Tivo has petitioned the FCC to guarantee that cable customers can continue to use retail set-top boxes with CableCARDS.
That follows a court decision in which EchoStar won its challenge to FCC rules on the ability to record TV programming. The issue was not CableCARDS, but it raised questions about cable obligations to support consumer access to the cards, according to Tivo, which it wants the FCC to clear up since those CableCARDS also allow access to TiVo recording devices.
"[C]ertain technical rules concerning the implementation of CableCARDs [conditional access rules] were contained in the same FCC order that the court struck down despite the fact that operator support for retail devices using CableCARDs was not the subject of the court challenge," said TiVo.
In 2007, the FCC instituted the prohibition on set-tops that combine channel surfing with security. Cable ops were required to use a removable CableCARD security add-on, a move the FCC hoped would goose the retail market, though it conceded at the time that a downloadable software security option would be preferable to the hardware in the long run. It has since conceded that the ban has not spurred that retail market.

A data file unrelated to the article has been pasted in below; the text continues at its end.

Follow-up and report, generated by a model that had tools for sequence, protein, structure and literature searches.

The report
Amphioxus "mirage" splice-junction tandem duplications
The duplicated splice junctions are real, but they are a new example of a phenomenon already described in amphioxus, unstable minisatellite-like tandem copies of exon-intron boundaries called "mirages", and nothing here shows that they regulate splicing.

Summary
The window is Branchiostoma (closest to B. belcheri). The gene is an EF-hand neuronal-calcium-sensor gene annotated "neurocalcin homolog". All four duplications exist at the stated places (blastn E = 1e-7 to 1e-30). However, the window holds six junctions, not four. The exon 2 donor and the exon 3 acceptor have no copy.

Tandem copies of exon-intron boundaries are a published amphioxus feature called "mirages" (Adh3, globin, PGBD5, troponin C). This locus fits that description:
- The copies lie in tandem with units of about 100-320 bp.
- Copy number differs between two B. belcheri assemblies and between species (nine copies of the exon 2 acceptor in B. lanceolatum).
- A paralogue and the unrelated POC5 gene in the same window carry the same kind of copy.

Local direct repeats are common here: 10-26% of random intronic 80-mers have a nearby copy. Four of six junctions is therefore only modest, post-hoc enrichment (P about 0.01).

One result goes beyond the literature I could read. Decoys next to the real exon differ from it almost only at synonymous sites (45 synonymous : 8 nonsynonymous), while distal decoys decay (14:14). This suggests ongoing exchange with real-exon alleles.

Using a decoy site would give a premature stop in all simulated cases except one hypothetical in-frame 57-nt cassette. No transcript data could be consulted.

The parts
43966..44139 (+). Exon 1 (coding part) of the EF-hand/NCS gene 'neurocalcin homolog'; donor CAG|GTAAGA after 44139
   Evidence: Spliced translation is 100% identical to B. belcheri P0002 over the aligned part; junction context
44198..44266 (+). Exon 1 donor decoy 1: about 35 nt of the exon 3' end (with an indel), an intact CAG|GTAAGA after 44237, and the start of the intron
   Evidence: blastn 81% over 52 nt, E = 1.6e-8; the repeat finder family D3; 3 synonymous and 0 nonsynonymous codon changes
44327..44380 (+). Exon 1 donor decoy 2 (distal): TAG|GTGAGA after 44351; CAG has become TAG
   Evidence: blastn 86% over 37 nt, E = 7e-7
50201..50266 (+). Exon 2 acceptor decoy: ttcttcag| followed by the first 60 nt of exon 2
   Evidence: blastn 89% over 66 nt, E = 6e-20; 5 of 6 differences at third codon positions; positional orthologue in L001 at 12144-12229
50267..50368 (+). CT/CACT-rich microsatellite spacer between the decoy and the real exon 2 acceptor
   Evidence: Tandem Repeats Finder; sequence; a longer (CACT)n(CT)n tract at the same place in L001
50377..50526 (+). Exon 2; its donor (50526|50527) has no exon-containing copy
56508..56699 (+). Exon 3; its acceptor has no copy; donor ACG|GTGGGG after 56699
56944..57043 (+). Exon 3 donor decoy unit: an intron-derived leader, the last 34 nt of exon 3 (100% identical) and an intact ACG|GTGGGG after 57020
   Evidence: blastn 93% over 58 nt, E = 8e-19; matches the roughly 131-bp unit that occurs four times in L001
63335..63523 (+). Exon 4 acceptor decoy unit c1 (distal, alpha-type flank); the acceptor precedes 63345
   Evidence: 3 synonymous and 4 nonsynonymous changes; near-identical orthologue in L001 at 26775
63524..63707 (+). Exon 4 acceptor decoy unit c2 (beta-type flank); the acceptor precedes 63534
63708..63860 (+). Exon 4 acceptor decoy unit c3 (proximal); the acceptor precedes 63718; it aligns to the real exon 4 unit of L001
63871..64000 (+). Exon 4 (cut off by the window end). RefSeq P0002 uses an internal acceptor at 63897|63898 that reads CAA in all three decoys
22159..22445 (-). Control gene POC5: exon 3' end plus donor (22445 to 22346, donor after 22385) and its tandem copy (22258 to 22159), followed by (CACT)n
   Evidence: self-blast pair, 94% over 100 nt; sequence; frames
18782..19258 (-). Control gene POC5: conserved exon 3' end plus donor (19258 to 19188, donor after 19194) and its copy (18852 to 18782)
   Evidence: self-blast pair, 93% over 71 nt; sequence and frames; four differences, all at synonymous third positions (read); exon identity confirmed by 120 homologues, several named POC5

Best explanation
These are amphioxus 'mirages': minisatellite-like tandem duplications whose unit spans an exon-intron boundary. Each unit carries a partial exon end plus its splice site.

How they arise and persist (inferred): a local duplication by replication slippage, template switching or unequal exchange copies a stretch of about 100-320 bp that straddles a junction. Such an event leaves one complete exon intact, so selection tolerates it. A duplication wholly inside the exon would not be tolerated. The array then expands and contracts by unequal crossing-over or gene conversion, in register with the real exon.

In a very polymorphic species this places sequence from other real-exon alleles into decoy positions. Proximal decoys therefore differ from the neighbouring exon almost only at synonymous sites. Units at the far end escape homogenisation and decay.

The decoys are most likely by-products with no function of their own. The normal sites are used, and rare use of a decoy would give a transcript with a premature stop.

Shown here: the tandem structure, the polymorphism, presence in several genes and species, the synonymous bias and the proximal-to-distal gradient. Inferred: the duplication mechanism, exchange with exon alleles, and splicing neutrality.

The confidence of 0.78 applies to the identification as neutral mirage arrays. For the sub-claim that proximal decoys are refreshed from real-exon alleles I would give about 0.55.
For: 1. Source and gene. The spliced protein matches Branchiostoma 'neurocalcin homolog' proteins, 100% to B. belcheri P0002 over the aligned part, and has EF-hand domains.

TiVo has also asked the commission to rethink its conditional waiver to Charter to supply set-tops with downloadable security, rather than the current CableCARD hardware fix. TiVo is concerned that Charter will no longer support its set-tops, which feature the CableCARD technology, and the ban will translate to a de facto green light for other operators to drop support of the CableCARD in favor of a downloadable security system that has not first been vetted in a separate proceeding.
At the Cable Show in Washington last month, FCC Media Bureau Chief Bill Lake said that one of the "sleeper" issues at the FCC, or more like one that had him tossing and turning in bed, was where to go with navigation devices after the courts essentially threw out the CableCard rules while preserving the integration ban. The question of what downloadable security should be included in navigation devices remains, he said.
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